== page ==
Nelson, D. C.. University of California, dcnelson@ucdavis.edu
McHatton, S. C.. University of California, scmchatton@ucdavis.edu
Ahmad, A. A.. University of California, aaahmad@ucdavis.edu
Barry, J. P.. Monterey Bay Aquarium Research Institute, barry@mbari.org

 
MATS OF VACUOLATE FILAMENTOUS SULFUR BACTERIA: ADAPTATION TO ANOXIA AT VENTS AND SEEPS?
 
Sulfide-oxidizing bacterial mats, composed of extremely wide filaments belonging to the genus Beggiatoa or Thiothrix, are dominant features on sediments, rocks, or worm tubes at certain sulfidic deep sea hydrothermal vents and shallower seeps. Typically these filaments are several centimeters long, and all strains greater than 15 micrometers in diameter contain a large central vacuole. Whenever examined, the filaments have been found to contain nitrate, presumably in the vacuole, at concentrations greater than 150 mM. A respiratory conversion of nitrate to ammonia driven by oxidation of hydrogen sulfide or endogenous stores of elemental sulfur is indicated. Theoretically their chemoautotrophic growth can be sustained by internal stores of oxidant and reductant for several hours to days. These bacteria proliferate in regions low in dissolved oxygen but high in sulfide and combined nitrogen. Their dominance is speculated to be enhanced by relief from predation afforded by transient periods of anoxia. Small subunit ribosomal RNA sequence data obtained for a representative Beggiatoa sp. indicate very close evolutionary affinity with Thioploca spp. from Chilean oxygen minimum zone sediments. Because Thioploca is also vacuolate and nitrate -accumulating, this suite of adaptations appears to be monophyletic.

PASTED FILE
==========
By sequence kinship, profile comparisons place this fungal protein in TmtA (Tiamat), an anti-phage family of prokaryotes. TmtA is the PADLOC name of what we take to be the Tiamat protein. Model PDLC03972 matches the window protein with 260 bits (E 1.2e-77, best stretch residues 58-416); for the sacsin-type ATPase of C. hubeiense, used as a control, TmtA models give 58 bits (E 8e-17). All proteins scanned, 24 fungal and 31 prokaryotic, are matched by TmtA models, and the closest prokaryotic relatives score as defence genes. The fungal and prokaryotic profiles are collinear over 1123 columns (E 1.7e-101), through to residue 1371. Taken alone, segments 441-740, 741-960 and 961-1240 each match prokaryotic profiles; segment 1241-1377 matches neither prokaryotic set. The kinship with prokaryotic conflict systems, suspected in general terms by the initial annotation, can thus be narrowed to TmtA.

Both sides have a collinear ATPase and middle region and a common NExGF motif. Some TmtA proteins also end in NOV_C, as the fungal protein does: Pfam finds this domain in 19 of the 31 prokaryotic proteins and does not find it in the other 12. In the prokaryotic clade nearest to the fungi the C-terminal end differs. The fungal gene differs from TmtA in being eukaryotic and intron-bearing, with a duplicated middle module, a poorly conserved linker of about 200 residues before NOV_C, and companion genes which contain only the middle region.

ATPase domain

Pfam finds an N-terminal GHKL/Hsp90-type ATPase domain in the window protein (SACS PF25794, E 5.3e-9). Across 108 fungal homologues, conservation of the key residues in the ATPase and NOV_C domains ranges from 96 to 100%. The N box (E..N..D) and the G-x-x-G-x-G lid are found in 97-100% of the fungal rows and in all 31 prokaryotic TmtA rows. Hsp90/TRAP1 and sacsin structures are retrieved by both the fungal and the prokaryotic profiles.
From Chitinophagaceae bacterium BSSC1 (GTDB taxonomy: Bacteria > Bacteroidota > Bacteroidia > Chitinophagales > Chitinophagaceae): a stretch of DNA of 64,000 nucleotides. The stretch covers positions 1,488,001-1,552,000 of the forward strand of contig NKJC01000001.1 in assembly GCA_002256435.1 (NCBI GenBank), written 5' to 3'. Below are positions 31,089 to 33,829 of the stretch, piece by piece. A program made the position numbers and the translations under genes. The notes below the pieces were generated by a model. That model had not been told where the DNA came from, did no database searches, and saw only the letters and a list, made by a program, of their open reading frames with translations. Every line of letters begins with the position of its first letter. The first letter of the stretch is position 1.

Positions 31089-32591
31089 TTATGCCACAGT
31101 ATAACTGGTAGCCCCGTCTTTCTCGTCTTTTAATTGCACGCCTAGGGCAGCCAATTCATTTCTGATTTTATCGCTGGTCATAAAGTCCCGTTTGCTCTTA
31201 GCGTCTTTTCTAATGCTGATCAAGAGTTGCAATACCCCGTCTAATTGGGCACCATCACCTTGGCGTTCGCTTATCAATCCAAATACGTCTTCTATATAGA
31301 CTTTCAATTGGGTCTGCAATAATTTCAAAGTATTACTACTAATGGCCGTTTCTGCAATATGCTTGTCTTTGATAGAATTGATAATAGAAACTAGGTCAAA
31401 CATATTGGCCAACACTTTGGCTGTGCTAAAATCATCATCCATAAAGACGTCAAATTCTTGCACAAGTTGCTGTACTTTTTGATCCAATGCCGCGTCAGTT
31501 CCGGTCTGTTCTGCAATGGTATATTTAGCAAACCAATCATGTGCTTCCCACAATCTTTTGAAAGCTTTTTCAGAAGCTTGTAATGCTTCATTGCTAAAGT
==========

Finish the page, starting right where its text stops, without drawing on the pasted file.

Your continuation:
Day: Tuesday, Feb. 2
Time: 10:30 - 10:45am
Location: Sweeney Center
 
Code: SS27TU1030S